Chris Kegelman

Chris received his B.S in Biomedical Engineering from the University of Virginia in 2015. While attending the University of Virginia, he began his research career in the Multiscale Muscle Mechanophysiology (M3) lab studying under the guidance of Dr. Silvia Blemker from 2012 to 2015. Chris then pursued his graduate studies in the lab of Dr. Joel Boerckel at the University of Notre Dame from 2015 to 2017. Chris then followed his advisor and joined the McKay Orthopaedic Research Laboratory at the University of Pennsylvania in the summer of 2017 and is now a Ph.D. candidate within the Department of Bioengineering. Outside of the lab, he enjoys traveling, biking and playing water polo.

Rotator cuff injuries are among the most prevalent and devastating musculoskeletal injuries affecting the aging population, with greater than 20% of the population over the age of 50 at risk for a tendon injury. Unfortunately, the initiation of tendon degeneration is still unknown and difficult to determine using traditional cell culture and animal experiments. Explant culture allows researchers to maintain cells in their native three-dimensional environment while also having total control over mechanical and biochemical signals, thus presenting a number of benefits over current strategies. We have developed several explant culture systems, including a rotator cuff organ culture model which contains bone, tendon and muscle in co-culture for the first time. We are currently using these models to investigate mechanisms of inflammation- and loading-induced tendon damage as well as to discover and evaluate therapeutics that may be capable of protecting tissues from cell-mediated damage and promoting appropriate tissue healing.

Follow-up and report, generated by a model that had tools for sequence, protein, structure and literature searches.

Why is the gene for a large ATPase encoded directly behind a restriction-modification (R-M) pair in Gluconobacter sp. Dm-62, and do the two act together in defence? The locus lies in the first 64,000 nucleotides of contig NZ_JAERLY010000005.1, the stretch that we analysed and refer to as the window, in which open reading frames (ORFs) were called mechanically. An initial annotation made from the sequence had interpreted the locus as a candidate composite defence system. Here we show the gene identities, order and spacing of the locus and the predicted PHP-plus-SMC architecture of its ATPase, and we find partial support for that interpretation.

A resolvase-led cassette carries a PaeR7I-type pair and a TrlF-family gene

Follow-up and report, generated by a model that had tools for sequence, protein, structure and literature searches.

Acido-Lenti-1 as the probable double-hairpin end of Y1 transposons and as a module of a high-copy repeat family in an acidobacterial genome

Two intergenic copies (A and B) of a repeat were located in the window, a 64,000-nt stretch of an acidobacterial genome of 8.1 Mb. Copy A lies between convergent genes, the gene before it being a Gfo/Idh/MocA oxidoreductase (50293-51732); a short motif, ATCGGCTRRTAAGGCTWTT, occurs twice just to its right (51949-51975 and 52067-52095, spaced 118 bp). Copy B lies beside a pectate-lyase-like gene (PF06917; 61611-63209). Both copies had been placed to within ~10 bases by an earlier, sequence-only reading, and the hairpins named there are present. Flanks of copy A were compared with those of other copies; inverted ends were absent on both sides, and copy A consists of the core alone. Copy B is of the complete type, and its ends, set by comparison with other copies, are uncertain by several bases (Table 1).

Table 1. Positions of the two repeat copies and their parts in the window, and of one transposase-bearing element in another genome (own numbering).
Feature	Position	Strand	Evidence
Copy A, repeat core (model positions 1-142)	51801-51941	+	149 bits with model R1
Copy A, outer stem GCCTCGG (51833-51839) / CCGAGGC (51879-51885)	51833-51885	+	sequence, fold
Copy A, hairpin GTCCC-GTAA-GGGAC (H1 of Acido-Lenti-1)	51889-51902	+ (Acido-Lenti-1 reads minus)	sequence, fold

Brianne K. Connizzo, PhD

Dr. Brianne Connizzo is an NIH-sponsored postdoctoral fellow in the Department of Biological Engineering at the Massachusetts Institute of Technology. She previously obtained her Ph.D. from the University of Pennsylvania and her B.S. from Smith College. Her research focuses on how extracellular matrix adaptations at the nanoscale influence multi-scale tendon function and how this process changes naturally throughout life, with the ultimate goal of identifying and preventing the initiation of age-related tendon degeneration and injuries. Dr. Connizzo has been an active member of the ORS community for the past six years and currently serves on the ORS Tendon Section Membership Committee.

One of the most common and preventable risk factors for knee osteoarthritis (OA) is obesity, which increases the relative risk of developing OA fourfold. A number of studies have attributed this risk factor to altered joint loading due to elevated body mass; however, recent studies have suggested that a combination of biomechanical and metabolic factors play an important role in the relationship between obesity and OA. Gait analysis studies have provided estimates of loads through the knees of obese individuals, but there remains a lack of data describing the effects of obesity on cartilage composition and the local in vivo strain distributions in the cartilage. In a previous study, we demonstrated the effects of obesity on tissue-level strains in response to dynamic activities of daily living; however, there are limited data quantifying changes in cartilage following a dynamic, acute loading task. Additionally, the relationship between obesity, cartilage deformation, and cartilage composition remains unclear. The objective of this research is to better understand how tibiofemoral cartilage properties are affected by obesity during short term, acute loading of the joint. Characterizing the effects of varying BMI and body composition on in vivo cartilage properties is a critical first step in understanding the mechanisms by which obesity alters the mechanical and biochemical properties of cartilage, thus contributing to the initiation and progression of knee OA.